Spring Is Migration Time For 5 Billion North American Birds

Published: Apr 3, 2008
New York, NY - 
Each spring from March to June, birds of every kind – songbirds, raptors, shorebirds and others – make their way from their winter homes in the south to their summer breeding grounds in places as far north as the Arctic. Along the way they encounter a myriad of perils - storms, limited food supplies, and exhaustion. Compounding these natural threats are a myriad of additional ones created by humans, including the bright lights and tall structures of cities, prowling domestic pets and toxic lawns.

Fortunately, people can help ensure a safer journey for migrating birds. Backyards and parks, often key stopover points for many species, can become bird-friendly rest stops with a few simple steps. Audubon urges people to take the following actions this spring:

• Turn off lights at night: Birds become disoriented by artificial light, which often results in fatal collisions with buildings, homes, and other structures. To prevent this, turn off exterior and interior lights as much as possible each night during the peak migration period of April-June. Outfit exterior lights with top and side shields to direct the light downward, where it is needed. If you work in a high-rise, advocate for "lights out" during migration season.

• Prevent window collisions: Many birds strike windows after being startled off a feeder, seeing escape routes mirrored in reflective glass. To avoid this, reduce reflectivity with light-colored shades, blinds, or drapes; place netting or a screen in front of the window; or stick decals closely spaced to the outside of windows. Place bird feeders either within 3 feet or more than 30 feet of windows – at 3 feet birds do not have enough distance to reach a high speed and are therefore less likely to get injured in a collision; at more than 30 feet, they are less likely to be attracted to reflections in the window.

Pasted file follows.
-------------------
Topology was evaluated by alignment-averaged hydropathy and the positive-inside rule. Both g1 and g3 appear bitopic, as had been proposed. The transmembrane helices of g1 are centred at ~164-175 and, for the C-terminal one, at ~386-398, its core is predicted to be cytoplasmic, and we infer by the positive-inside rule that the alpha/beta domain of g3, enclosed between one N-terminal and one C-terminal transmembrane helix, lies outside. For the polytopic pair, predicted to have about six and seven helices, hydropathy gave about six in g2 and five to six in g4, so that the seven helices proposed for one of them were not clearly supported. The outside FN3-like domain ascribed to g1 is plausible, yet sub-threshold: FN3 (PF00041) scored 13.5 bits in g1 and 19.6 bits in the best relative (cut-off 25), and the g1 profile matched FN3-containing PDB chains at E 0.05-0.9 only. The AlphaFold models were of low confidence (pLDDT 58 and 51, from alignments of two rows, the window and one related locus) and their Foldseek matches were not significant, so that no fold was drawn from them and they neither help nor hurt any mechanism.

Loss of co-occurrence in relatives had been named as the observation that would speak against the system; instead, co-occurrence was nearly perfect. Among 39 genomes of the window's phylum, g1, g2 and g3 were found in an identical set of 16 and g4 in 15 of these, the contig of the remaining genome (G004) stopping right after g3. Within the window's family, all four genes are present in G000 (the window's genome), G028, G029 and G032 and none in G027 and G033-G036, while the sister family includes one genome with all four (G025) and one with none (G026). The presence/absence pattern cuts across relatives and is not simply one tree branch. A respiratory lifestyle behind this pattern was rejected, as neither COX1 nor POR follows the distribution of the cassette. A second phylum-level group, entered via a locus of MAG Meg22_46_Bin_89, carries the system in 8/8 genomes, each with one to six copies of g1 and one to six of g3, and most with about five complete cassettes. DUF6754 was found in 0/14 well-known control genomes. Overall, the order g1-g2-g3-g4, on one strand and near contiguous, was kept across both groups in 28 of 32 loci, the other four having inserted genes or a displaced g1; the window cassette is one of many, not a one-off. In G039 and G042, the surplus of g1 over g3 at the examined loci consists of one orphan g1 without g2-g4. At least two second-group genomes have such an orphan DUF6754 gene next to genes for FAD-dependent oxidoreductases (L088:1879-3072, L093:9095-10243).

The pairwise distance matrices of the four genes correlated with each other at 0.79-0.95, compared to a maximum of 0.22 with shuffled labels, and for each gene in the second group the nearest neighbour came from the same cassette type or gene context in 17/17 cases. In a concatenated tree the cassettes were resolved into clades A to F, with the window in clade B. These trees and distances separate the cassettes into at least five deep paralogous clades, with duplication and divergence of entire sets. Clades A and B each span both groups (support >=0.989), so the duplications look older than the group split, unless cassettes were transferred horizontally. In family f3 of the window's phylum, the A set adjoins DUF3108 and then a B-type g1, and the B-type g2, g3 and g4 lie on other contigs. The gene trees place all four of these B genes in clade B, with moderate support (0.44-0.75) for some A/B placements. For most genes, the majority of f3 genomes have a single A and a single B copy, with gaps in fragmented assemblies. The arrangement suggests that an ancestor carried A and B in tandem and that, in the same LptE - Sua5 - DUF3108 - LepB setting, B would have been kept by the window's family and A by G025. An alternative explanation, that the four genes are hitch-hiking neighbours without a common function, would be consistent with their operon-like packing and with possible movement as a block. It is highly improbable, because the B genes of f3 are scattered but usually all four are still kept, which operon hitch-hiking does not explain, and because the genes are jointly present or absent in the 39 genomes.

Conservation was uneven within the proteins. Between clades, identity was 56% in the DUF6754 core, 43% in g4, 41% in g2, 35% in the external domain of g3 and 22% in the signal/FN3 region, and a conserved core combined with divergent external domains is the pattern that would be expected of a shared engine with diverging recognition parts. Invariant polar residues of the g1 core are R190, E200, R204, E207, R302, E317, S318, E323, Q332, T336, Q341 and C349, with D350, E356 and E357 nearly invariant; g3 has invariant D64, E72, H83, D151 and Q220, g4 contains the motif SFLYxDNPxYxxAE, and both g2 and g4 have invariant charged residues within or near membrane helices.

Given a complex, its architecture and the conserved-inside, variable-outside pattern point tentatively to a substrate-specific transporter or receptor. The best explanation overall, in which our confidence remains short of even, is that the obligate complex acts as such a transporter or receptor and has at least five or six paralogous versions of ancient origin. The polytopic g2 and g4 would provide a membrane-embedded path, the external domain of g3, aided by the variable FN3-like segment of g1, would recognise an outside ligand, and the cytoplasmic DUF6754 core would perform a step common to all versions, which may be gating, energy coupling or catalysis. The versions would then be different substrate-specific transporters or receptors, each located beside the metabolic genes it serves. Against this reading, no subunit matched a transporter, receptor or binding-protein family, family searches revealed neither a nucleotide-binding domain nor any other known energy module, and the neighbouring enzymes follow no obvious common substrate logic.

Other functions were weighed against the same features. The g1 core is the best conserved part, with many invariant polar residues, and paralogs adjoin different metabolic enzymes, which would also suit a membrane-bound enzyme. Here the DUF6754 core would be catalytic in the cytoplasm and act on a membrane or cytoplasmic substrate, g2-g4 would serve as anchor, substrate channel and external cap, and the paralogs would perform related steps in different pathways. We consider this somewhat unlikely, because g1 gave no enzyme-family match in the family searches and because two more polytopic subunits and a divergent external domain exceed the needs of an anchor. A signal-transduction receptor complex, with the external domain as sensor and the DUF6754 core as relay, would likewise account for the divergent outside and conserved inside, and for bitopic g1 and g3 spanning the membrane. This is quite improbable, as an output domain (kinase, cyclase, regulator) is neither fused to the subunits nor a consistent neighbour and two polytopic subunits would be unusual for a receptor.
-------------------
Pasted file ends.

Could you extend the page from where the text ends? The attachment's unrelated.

• Keep cats indoors: It is estimated that cats – domestic, stray, or feral – kill more than a billion birds each year. Ground feeding birds, such as cardinals and quail, as well as young, immature birds, are the most vulnerable. Keeping cats indoors helps keep the birds outdoors safe, and it also reduces risks to cats, especially from injuries and disease.

• Eliminate pesticides: U.S. households use 110 million pounds of pesticides in their homes and gardens annually, which kill several million birds each year when the birds ingest tainted insects, seeds and other food sources. Use the least toxic alternatives for combating pests.

• Keep feeders stocked and clean: Birds will need places to rest and refuel, so make sure that your yard includes native plants and your bird- feeders are well-stocked. Along with feeders and native plants, provide a source of fresh water for the thirsty travelers. Adding a drip to a bird bath or pool greatly increases its attractiveness to migratory birds as it adds noise and movement. Reduce the risk of spreading disease at feeders by regularly cleaning them with a nine-to-one water-bleach solution, or a dilute vinegar solution (three-to-one) or non-fragranced biodegradable soap.

For more information on how to keep birds safe, visit the Audubon At Home website at www.audubonathome.org (go to the "Keeping Wildlife Safe" link on the left-hand side of the page).

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The National Audubon Society saves birds and their habitats throughout the Americas using science, advocacy, education and on-the-ground conservation. Audubon's state programs, nature centers, chapters and partners have an unparalleled wingspan that reaches millions of people each year to inform, inspire and unite diverse communities in conservation action. Since 1905, Audubon's vision has been a world in which people and wildlife thrive. Audubon is a nonprofit conservation organization. Learn more at www.audubon.org and @audubonsociety.

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